Platforms and Formats
Platforms and Formats
As in previous versions, OpenOf??ífice.org 3.0 runs on Windows, Linux, Solaris x86 and Solaris Sparc. Both the Windows and Linux flavors of OpenOffice.org are available in both 32- and 64-bit x86 editions.
New in OpenOffice.org version 3 is native support for Apple’s OS X. Previous OpenOffice.org itera??ítions required the X11 server to run, which made OpenOffice.org a bit of a misfit on the OS X desktop.
OpenOffice.org supports the new??íest version of the OpenDocument file format, ODF 1.2. The latest ver??ísion of ODF includes accessibility and metadata enhancements, as well as a means of specifying spreadsheet formulas that’s more detailed than what was laid out in ODF 1.0.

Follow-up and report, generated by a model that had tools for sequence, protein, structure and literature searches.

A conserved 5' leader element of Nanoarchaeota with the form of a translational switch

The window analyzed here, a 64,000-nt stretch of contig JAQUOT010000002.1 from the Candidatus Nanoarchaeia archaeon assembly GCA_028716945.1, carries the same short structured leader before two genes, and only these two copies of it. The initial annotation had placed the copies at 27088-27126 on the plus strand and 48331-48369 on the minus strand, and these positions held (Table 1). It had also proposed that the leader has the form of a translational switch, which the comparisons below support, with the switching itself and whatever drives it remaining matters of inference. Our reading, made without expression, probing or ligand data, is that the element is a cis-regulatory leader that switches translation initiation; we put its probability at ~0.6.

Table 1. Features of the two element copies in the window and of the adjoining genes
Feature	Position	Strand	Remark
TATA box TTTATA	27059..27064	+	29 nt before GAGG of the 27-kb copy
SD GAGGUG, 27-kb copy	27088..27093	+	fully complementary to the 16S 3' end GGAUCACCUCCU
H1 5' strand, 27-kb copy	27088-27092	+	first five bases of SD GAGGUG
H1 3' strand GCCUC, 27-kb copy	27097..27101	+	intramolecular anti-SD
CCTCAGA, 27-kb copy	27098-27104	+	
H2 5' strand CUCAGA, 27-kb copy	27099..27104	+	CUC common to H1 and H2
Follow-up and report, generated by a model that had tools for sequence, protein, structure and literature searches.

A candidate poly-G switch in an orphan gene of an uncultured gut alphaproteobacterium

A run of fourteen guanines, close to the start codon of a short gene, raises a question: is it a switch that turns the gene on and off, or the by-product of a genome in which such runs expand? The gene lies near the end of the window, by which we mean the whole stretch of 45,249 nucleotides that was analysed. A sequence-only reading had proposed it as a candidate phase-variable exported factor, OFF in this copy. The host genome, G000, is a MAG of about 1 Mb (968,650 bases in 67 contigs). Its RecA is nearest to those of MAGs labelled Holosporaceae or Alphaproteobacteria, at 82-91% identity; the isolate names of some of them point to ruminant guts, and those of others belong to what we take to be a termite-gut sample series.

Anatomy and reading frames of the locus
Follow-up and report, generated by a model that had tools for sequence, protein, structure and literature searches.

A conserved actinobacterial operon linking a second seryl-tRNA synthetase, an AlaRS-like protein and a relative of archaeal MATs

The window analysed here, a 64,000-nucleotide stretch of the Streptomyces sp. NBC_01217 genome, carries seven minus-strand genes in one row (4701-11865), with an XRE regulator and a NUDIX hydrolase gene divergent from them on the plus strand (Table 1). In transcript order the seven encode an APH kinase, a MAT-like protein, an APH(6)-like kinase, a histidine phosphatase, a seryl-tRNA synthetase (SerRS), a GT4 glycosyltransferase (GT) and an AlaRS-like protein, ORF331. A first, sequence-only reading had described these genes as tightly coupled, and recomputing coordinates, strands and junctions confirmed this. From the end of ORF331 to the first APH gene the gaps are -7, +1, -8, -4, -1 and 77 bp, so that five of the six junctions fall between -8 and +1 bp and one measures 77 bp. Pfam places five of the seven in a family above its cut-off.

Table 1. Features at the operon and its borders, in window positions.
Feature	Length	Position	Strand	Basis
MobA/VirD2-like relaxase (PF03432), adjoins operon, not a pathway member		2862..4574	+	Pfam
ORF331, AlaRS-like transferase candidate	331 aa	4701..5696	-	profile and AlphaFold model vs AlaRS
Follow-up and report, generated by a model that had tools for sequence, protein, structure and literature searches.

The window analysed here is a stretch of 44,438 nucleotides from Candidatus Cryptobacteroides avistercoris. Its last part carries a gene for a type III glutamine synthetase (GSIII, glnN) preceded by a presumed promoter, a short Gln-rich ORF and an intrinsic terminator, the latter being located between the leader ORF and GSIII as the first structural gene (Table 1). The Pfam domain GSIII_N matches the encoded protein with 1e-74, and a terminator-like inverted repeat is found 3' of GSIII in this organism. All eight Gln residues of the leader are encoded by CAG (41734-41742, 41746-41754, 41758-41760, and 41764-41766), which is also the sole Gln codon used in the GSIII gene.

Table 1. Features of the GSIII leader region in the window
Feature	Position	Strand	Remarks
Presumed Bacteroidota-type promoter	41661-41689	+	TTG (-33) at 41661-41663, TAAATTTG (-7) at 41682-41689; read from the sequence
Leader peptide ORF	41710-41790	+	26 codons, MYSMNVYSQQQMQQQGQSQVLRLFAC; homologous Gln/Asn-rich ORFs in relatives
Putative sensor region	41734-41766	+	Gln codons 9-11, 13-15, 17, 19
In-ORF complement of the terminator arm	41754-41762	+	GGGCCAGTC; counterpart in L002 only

The lack of formula specificity in ODF 1.0 meant that certain aspects of storing spreadsheet formulas were up to the application developer to define, which could lead to incompatibility between documents created with dif??íferent ODF implementations.
The formula issue hasn’t been a major problem so far, since OpenOf??ífice.org/StarOffice has been the pri??ímary ODF implementation, but the formula improvements in ODF 1.2 lay the groundwork for broader adoption of the document standard.
Also new in OpenOffice.org 3 are import filters for Microsoft Office 2007-formatted documents. The XML-based .docx, .xlsx and .pptx formats in which Microsoft’s suite now save documents by default.